Rereleases[edit]

A film made by Crass member Gee Vaucher to accompany Yes Sir, I Will was shown at the UK National Film Theatre's Stuff the Jubilee festival of punk films in 2002, and the track was remixed in 2002 by Rimbaud to incorporate additional jazz instrumentation provided by the jazz instrumentalists, Ingrid Laubrock (saxophone) and Julian Siegel (double bass), to augment the original performance.[10]

The Crassical Collection version of this release, including new artwork by Vaucher, remastered sound and liner notes by Steve Ignorant and Rimbaud, was released on May 17, 2011. The reissue also contains a second disc (entitled Why Don't You Fuck Off?), which has Rimbaud's 2002 remix of the album, featuring Laubrock and Seigal.[11][12] No track titles appeared on the original versions of the album, however the Crassical Collection edition gave the tracks titles. Some early CD editions of the album featured each track mixed into a single, 43-minute long track. It should be noted that the first disc of the Crassical Collection edition is cut incorrectly, with some tracks being longer or shorter than they were on the original release, however the second disc is cut correctly.

Track listing[edit]

No. Title Length
1. "Step Outside/Rocky Eyes" 5:30
2. "Anarchy's Just Another Word" 2:36
3. "Speed Or Greed" 1:00
4. "The Five Knuckle Shuffle" 2:08
5. "A Rock 'n' Roll Swindler" 6:47
6. "Burying The Hatchet" 5:41
7. "Taking Sides" 20:08

Personnel[edit]

Quotes[edit]

  • "Be warned! The nature of your oppression is the aesthetic of our anger" - Crass, Yes Sir, I Will album cover (1983)
  • "You must learn to live with your own conscience, your own morality, your own decision, your own self. You alone can do it. There is no authority but yourself." - Crass, Yes Sir, I Will (1983)
  • "The listener experiences and shares the performer's exhaustion as voices crack, the beat wanders, energy flags and returns" - George McKay describing the album in Senseless Acts of Beauty (Verso, 1996)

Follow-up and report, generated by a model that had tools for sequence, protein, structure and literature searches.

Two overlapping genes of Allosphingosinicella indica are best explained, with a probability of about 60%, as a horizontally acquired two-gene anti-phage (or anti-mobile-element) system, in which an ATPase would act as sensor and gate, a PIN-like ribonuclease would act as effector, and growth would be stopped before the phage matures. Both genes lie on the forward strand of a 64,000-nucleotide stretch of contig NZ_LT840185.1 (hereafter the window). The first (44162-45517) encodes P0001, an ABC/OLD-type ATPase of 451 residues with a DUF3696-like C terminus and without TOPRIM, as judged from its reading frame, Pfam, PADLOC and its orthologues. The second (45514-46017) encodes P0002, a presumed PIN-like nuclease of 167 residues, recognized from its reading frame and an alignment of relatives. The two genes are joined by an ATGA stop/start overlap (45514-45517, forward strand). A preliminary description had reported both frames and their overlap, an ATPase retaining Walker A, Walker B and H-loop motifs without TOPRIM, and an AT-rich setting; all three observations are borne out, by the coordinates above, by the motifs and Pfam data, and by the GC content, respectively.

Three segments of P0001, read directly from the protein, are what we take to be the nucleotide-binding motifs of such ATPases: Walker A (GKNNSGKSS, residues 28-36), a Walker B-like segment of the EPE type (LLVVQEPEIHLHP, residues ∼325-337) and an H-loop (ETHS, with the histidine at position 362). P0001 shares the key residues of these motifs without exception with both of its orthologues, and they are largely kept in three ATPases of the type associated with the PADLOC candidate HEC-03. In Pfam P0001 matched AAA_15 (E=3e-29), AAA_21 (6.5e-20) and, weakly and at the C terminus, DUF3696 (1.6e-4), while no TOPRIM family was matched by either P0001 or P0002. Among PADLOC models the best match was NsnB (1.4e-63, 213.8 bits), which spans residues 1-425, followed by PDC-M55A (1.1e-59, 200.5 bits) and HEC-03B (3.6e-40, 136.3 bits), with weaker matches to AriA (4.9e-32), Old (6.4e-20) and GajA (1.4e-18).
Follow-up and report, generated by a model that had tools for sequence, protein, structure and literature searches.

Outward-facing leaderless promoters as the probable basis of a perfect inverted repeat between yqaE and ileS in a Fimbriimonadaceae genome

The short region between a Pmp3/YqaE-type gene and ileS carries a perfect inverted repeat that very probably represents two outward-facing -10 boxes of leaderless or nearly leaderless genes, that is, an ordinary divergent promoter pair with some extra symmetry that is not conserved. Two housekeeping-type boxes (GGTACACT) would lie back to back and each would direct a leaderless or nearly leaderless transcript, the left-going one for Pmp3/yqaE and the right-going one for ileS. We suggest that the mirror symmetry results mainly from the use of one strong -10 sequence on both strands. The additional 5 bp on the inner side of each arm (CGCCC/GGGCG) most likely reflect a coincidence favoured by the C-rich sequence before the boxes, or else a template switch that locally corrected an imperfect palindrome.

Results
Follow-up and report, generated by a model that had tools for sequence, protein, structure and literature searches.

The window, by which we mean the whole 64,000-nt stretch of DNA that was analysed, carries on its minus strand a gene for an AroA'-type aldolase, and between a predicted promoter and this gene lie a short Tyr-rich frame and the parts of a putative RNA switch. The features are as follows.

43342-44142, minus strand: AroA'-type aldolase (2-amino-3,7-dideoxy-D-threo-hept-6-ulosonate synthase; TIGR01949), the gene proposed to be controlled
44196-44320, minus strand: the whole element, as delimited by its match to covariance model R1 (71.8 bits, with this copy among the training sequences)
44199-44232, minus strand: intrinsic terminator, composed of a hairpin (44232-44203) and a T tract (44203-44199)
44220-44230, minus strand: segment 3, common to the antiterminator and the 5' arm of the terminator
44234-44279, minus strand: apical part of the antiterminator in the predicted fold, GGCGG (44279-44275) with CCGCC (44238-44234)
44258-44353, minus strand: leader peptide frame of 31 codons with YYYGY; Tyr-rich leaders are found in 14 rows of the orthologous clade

References[edit]

  1. ^ Allmusic review
  2. ^ Brandon (2007-03-27). "Crass - Yes Sir, I Will". punknews.org. Punknews.org. Retrieved 2017-05-13. 
  3. ^ Stygall, Ollie (2011-10-05). "Crass - Yes Sir, I Will". thesleepingshaman.com. The Sleeping Shaman. Retrieved 2017-05-13. 
  4. ^ Glasper, Ian (2007). The Day the Country Died: A History of Anarcho Punk 1980 to 1984. Cherry Red Books. pp. 61–62. ISBN 1901447707. 
  5. ^ "CRASS Yes Sir I will". Southern Records. Southern Records. 
  6. ^ a b Berger, George (2008). The Story of Crass. Omnibus Press. pp. 244–245. ISBN 978-1-60486-037-5. 
  7. ^ The Pig's Head Controversy
  8. ^ Mark Titchner (9 April 2009). "Mark Titchner's top 10 songs about liberty". Whitechapel takeover. The Guardian. Retrieved 12 November 2015. 
  9. ^ Phil Newall (20 June 2011). "Crass ‘Yes Sir, I Will’". Louder than War. Retrieved 12 November 2015. 
  10. ^ "Anarcho-punk legends’ free jazz odyssey". Record Collector Mag. 
  11. ^ "CRASS Yes Sir I will". Southern Records. Southern Records. 
  12. ^ Newall, Phil (2011-06-11). "Crass 'Yes Sir I Will'". louderthanwar.com. Louder Than War. Retrieved 2017-05-13.